Each candidate is getting help motivating their base because of the stark contrasts between them. The Republican party is having the kind of internal debates that the Democratic party had back in 1972 when they nominated George McGovern. Their ultra-conservative base appears to be turned on by hate. Clearly Romney is not his own man as he couldn't have won the nomination running on his record as governor of Massachusetts. For an example one has only to look at the Rich Grenell incident, he is the gay foreign affairs expert/spokesman Romney hired who then left quickly without much of a peep from Romney because of the flak Romney's homophobic supporters created.

It's an unfortunate circumstance when a politician follows' the lead of those who support him who forget that the Constitution of the United States and our three branches of government were based on the understanding that people of good will could and would disagree but in the end reach compromise to move the nation forward. Those taking over the Republican party have apparently adopted the motto, 'my way or the highway' and as represented by the defeat of Richard Lugar (R-IN) the Republican party is quickly shedding itself of the last vestiges of their moderate wing. In exchange they get a group of radical conservatives many of whom seem to have no compunction at being openly racist, sexist and homophobic.

In the end the candidate's positions on issues that will make a difference to the lives of future generations will decide this election. They include how America pulls back from Afghanistan; handles the reform of Medicare and Medicaid; stabilizes the social security system for future generations; pays down the debt; how we handle our long-term role as world peacekeeper; and the basic core beliefs the next president and members of the Senate hold as he appoints and they confirm future Supreme Court justices. Those nine men and women will eventually decide on the constitutionality of marriage-equality; states rights issues such as Section 3 of DOMA; whether we uphold Roe v. Wade; and other issues impacting how we live in the future.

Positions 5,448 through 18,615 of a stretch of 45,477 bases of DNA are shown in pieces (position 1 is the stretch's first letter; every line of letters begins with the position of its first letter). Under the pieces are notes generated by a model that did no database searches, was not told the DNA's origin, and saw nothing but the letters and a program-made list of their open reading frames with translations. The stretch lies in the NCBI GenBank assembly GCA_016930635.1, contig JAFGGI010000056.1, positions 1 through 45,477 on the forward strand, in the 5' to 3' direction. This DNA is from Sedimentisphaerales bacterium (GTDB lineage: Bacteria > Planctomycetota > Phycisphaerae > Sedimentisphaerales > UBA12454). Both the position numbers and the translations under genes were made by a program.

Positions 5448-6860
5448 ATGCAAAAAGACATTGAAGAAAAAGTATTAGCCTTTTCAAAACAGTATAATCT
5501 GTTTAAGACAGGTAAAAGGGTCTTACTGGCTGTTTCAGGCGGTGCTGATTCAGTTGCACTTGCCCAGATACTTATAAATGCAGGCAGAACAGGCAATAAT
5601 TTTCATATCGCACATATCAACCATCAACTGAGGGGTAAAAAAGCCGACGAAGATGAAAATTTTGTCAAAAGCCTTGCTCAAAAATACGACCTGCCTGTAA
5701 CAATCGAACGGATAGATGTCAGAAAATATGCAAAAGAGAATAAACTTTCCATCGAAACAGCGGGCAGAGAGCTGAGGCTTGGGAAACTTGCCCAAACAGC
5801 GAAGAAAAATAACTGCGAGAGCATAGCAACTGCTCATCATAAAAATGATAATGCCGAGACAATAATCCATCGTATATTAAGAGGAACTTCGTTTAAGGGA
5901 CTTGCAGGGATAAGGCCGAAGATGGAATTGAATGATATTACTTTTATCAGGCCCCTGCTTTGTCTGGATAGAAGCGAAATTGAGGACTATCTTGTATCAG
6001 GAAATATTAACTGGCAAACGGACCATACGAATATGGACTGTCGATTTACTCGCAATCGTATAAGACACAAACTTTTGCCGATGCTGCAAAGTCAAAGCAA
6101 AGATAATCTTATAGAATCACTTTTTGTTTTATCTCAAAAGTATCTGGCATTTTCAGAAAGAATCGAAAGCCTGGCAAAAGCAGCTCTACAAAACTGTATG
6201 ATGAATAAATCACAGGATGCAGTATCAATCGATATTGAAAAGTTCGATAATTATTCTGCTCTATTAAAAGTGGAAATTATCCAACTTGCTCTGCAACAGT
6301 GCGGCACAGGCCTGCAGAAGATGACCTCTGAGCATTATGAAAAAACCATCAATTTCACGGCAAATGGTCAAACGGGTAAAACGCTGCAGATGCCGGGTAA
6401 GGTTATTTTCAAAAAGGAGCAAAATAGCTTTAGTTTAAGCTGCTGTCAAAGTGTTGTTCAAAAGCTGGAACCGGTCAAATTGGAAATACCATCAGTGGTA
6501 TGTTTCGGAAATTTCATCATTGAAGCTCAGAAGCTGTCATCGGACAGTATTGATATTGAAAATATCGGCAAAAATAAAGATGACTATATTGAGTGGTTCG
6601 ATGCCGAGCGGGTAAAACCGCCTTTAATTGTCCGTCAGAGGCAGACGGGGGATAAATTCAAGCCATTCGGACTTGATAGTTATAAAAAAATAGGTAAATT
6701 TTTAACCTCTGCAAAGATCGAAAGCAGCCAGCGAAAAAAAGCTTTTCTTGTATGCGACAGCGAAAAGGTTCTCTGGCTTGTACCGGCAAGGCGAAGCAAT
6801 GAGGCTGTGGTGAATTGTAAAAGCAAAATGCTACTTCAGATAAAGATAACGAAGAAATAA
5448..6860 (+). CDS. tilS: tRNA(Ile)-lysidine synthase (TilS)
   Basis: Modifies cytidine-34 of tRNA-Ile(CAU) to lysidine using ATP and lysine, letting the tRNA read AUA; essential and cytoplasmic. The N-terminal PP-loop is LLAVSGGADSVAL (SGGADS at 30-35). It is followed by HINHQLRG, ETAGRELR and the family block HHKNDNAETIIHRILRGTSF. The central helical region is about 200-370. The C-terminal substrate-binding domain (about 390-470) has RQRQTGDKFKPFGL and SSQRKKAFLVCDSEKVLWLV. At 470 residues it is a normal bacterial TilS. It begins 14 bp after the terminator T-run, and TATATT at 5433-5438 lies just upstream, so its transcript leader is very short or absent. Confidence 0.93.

A Republican Congress and the Republican presidential candidate have promised to turn back the clock on a host of previously settled issues in the area of women's rights; LGBT rights; healthcare; and to continue support of tax cuts for the wealthy. A second term for president Obama and a Democratic Congress would see efforts to stabilize Medicare and Social Security without radically changing them; pass ENDA and repeal DOMA; appointment of potentially two more liberal Supreme Court justices; and the continued push for a fair and equitable national tax policy.

This is an important election and the American people will give voice to their vision of the future. Marriage equality will be but a sidebar, a small part of the panoply of issues that will foretell how American's want their nation to look in the next 50 years.

  Obama Romney
Obama Romney
332 206
Obama leading
Obama won
Romney leading
Romney won
Popular Vote
33 out of 100 seats are up for election. 51 are needed for a majority.
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Holdover
Republican leading
Republican won
Democrats* Republicans
Current Senate 53 47
Seats gained or lost +2 -2
New Total 55 45
* Includes two independent senators expected to caucus with the Democrats: Angus King (Maine) and Sen. Bernie Sanders (Vt.).
All 435 seats are up for election. 218 are needed for a majority.
Democrat leading